Recycling Markets and Midwest Resourcefulness

Beth Biggins-Ramer

Living in the Midwest provides us access to many resources. There is an abundance of fresh water for drinking, fertile soil for planting, and stable recycling markets. What? Yes, stable recycling markets!

Being in Ohio makes it more expensive to transport all materials, including recyclables, to either coast for shipping overseas. However, this export expense has also helped to create and build stable Midwest markets that willingly accept recyclable materials as feedstock.

The Cause

In 2018, China adopted a “National Sword” policy to ban imported recyclables since many shipments from the U.S. were contaminated with non-recyclables. However, China’s National Sword ban on exports also spurred the development of stable domestic markets. Since 2018, recycling processors in the Midwest responded by expanding or creating new facilities, resulting in an increase in price and a demand for clean recyclables.

For example, in October 2019, Pratt Industries opened a new paper mill in in Wapakoneta, Ohio. It uses mixed paper generated from recycling programs as raw material to create paperboard. The paperboard is subsequently used to create corrugated containers.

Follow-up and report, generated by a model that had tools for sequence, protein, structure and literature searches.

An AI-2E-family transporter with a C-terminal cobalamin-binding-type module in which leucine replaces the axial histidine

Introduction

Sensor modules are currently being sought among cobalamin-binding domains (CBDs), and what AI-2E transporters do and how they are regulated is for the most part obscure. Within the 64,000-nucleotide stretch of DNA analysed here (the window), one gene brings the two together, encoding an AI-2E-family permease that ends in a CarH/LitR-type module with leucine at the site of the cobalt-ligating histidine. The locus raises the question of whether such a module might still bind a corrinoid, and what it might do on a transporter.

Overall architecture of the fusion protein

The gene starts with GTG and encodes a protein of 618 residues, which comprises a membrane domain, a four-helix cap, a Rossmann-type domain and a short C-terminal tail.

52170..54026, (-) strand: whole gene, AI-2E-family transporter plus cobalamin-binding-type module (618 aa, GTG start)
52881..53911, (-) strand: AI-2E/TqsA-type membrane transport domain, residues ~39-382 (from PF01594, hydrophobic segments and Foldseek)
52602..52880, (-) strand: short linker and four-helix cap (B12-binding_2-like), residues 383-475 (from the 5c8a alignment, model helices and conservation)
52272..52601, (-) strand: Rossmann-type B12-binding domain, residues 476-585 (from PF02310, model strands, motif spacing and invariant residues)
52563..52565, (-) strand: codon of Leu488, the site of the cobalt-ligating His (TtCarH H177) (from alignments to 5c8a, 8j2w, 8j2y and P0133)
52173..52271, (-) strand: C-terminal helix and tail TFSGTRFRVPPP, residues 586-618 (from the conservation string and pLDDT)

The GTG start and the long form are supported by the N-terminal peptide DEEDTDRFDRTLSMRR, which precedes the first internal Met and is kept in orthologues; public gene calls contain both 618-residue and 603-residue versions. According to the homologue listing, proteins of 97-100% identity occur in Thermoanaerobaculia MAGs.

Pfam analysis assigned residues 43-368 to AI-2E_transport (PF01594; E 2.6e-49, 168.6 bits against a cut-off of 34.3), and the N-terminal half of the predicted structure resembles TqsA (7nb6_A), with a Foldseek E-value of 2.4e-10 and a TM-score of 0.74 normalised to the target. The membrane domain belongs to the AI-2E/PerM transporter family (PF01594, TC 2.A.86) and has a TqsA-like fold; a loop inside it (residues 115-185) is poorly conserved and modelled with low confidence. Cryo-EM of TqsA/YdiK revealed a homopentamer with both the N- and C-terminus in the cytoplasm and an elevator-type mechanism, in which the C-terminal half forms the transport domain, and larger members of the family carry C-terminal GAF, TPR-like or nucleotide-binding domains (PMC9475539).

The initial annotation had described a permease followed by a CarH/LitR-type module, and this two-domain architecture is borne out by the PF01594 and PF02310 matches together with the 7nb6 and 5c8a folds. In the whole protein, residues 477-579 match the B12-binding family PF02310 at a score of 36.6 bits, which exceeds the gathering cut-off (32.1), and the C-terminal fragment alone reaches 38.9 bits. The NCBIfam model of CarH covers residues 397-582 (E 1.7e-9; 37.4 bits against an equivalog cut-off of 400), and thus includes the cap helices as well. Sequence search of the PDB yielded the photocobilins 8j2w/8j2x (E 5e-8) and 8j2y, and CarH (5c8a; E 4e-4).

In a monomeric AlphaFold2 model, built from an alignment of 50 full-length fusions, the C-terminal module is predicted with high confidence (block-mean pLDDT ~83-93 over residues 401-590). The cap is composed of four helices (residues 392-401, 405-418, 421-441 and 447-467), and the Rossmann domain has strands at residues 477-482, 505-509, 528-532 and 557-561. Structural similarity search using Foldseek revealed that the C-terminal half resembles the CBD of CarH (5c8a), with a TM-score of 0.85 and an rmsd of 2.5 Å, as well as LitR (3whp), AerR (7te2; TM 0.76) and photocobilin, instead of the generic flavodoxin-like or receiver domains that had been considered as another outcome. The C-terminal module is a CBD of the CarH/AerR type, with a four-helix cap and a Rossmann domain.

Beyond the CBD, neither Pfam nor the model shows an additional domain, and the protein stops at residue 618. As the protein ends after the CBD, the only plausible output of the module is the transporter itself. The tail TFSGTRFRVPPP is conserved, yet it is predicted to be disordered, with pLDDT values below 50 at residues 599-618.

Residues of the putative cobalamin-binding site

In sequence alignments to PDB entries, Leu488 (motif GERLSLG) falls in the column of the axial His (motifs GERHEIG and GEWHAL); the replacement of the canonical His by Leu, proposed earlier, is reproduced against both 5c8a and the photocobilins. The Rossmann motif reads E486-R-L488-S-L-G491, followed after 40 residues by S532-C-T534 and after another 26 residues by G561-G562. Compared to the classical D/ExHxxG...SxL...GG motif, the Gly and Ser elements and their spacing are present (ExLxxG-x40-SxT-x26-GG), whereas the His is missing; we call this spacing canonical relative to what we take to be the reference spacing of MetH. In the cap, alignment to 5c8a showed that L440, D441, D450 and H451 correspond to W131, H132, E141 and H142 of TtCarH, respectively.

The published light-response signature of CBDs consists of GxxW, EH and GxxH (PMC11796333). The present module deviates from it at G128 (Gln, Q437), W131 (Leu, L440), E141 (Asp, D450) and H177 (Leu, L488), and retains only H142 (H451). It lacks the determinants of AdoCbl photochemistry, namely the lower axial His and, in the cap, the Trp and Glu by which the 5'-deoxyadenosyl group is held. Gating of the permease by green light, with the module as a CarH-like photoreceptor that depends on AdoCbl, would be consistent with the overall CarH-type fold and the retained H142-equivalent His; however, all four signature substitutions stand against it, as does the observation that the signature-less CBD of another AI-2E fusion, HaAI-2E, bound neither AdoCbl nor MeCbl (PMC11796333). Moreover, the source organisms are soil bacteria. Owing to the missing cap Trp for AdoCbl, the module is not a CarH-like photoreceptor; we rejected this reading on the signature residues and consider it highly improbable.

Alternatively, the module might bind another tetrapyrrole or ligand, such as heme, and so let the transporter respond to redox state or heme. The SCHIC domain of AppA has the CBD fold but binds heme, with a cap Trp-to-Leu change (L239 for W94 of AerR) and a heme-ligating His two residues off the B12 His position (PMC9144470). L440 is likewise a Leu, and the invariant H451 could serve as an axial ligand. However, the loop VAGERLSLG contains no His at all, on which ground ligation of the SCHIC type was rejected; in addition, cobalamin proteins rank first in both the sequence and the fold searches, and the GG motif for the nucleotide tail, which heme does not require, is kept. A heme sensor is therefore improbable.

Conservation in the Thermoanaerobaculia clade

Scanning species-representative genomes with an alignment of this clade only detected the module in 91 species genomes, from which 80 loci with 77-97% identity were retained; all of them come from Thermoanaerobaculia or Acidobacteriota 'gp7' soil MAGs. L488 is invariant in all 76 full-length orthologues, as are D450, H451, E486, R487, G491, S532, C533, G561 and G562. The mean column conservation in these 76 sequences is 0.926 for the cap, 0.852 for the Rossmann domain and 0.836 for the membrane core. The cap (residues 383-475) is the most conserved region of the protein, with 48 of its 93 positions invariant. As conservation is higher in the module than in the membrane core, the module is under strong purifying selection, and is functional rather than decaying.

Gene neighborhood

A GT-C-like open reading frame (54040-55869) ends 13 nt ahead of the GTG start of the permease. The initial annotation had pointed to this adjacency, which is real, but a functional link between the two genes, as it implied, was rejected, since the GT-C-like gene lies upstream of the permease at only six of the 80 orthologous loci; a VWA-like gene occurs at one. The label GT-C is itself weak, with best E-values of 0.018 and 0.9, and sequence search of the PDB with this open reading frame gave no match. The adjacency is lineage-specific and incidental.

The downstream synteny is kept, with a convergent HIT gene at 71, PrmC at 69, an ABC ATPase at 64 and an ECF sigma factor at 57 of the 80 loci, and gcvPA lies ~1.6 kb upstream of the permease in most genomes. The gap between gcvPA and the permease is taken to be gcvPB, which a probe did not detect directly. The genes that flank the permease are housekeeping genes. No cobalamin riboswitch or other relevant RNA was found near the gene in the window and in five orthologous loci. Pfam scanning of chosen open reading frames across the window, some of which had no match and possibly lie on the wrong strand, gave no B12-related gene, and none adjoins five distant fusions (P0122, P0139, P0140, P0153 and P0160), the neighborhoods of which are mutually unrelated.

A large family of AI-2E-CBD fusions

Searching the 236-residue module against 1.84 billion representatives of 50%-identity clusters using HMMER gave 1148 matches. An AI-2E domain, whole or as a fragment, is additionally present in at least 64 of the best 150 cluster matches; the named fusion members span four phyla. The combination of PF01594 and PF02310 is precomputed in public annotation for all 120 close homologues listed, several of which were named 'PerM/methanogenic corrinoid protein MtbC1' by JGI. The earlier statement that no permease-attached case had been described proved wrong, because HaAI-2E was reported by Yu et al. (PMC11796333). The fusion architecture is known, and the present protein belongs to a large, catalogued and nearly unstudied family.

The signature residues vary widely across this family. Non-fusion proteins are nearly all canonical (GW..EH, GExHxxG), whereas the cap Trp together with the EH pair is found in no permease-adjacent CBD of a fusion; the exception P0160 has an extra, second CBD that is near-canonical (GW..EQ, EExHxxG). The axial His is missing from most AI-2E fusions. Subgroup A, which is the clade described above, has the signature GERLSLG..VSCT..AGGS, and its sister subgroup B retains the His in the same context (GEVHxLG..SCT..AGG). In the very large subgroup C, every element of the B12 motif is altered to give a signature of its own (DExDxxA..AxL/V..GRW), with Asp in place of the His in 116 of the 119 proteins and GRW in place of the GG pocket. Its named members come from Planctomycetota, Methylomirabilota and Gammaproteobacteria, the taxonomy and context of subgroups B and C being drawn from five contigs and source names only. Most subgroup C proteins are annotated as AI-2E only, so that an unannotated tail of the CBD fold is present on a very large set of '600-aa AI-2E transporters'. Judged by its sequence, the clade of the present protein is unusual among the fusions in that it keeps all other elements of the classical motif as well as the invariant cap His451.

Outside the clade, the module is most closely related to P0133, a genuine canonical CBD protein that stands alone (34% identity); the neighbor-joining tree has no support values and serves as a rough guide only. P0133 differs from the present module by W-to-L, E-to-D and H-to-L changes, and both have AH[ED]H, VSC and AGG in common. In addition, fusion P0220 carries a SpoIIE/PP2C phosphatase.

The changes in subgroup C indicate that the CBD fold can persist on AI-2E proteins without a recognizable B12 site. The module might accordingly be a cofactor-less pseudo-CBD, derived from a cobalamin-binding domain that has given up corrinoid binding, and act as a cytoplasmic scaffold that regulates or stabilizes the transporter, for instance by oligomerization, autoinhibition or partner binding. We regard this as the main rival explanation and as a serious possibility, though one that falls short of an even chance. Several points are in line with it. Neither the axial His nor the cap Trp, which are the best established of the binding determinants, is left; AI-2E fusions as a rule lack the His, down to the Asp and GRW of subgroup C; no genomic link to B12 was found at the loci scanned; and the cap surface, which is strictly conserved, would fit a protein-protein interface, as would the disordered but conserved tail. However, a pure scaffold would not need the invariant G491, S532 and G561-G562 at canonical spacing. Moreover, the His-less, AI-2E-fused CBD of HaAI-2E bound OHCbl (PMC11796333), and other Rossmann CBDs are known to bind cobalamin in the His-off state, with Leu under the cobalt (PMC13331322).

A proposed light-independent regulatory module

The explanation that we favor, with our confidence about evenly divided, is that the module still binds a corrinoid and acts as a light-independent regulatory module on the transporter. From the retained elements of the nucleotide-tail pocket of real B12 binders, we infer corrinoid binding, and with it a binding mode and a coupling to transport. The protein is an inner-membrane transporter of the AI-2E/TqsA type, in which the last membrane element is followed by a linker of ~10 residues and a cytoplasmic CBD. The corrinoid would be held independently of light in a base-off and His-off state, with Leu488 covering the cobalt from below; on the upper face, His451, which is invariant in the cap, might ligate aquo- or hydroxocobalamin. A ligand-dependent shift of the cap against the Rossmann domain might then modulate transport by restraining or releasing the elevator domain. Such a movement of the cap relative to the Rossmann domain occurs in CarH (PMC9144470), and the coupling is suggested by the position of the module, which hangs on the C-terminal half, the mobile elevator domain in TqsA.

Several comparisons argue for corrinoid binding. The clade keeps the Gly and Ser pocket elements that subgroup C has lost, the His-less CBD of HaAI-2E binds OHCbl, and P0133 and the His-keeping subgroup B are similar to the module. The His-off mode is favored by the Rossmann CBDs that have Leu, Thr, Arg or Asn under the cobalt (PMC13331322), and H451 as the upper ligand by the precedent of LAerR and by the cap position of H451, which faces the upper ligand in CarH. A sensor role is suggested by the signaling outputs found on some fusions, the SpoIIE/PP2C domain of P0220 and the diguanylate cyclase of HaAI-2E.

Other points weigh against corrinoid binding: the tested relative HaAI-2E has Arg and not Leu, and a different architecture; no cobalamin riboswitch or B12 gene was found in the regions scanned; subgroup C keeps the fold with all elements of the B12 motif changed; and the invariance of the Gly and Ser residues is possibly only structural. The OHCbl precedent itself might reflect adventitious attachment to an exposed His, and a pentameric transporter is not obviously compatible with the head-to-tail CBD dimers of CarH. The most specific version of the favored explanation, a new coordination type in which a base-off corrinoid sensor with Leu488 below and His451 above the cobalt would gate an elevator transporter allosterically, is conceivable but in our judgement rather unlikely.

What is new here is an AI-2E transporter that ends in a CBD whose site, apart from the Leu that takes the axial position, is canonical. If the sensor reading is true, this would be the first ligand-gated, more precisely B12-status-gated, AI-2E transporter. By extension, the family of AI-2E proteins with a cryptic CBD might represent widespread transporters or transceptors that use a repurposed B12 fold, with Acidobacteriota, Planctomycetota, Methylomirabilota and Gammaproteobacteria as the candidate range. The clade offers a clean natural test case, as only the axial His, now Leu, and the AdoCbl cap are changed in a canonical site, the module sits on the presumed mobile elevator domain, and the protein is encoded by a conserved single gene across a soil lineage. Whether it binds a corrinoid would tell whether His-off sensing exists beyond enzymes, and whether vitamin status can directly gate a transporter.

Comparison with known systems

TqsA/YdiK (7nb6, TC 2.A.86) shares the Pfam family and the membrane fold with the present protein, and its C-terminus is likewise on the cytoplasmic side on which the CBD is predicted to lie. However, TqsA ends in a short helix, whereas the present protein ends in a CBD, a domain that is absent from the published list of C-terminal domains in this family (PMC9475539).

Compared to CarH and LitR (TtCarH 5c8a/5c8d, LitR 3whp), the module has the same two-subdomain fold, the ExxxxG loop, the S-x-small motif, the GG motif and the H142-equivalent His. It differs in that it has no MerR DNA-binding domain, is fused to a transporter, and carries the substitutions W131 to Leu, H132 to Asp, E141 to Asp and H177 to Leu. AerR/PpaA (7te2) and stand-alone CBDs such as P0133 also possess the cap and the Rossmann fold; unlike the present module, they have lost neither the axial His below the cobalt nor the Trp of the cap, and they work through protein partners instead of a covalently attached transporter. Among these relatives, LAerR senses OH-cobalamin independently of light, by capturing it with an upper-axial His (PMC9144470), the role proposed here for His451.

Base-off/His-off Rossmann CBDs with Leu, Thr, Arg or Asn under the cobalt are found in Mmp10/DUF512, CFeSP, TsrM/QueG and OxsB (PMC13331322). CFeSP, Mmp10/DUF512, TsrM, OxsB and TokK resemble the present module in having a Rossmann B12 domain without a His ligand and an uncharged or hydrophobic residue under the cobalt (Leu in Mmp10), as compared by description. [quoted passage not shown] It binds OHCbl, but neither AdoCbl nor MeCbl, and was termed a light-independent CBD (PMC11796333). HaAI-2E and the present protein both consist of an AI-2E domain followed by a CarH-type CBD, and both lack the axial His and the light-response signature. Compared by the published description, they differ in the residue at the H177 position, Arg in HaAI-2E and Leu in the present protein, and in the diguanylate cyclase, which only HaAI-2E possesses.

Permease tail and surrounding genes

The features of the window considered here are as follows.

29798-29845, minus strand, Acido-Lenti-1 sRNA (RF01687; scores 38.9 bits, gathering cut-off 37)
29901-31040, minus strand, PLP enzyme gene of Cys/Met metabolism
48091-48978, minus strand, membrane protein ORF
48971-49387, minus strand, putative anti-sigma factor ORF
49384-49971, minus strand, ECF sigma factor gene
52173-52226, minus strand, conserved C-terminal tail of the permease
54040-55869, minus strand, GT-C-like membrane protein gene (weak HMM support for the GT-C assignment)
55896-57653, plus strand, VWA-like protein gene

The Effect

The demand for domestic recycling markets has helped increase the value of sorted recyclables. Lower levels of contamination in materials processed as recyclables means a more valuable product and a higher market price too.

Recycling Material June 2019 June 2021 % Change
Mixed Paper $2.50/ton $62.50/ton 2,500% increase
Corrugated Containers $30.00/ton $120.00/ton 400% increase
Metal Steel Cans $165.00/ton $210.00/ton 127% increase
Aluminum Cans $0.56/lbs. $0.73/lbs. 130% increase
PET Plastic $0.1463/lbs. $0.2450/lbs. 167% increase
Natural HDPE Plastic $0.2075/lbs. $1.045/lbs. 504% increase
Colored HDPE Plastic $0.1375/lbs. $.5650/lbs. 411% increase

Pricing based on baled materials recovered from recycling facilities

The Path Forward

Like all resources, we must be mindful of what we use, how we use it, and how we dispose of it.  We must understand that a clean recyclable is a valuable commodity – a feedstock for a new product.  Non-recyclable items are considered a contaminant. They adversely affect recycling operations, decrease the value of the good, recycled material, and must be disposed of as trash.

You can help support our Midwest recycling markets. The best way to do this is by making sure that you are recycling correctly.

  • Recycle only clean, properly prepared items that are accepted in your local program.
  • Prepare your recyclables for becoming something new. Make sure items are empty, clean, dry, and free of grease and food.
  • Place items loose, not bagged, in your recycling container.

We need to “Recycle Right” so that these materials can become the resources that make new products.  Let’s show everyone our Midwest “resourcefulness!”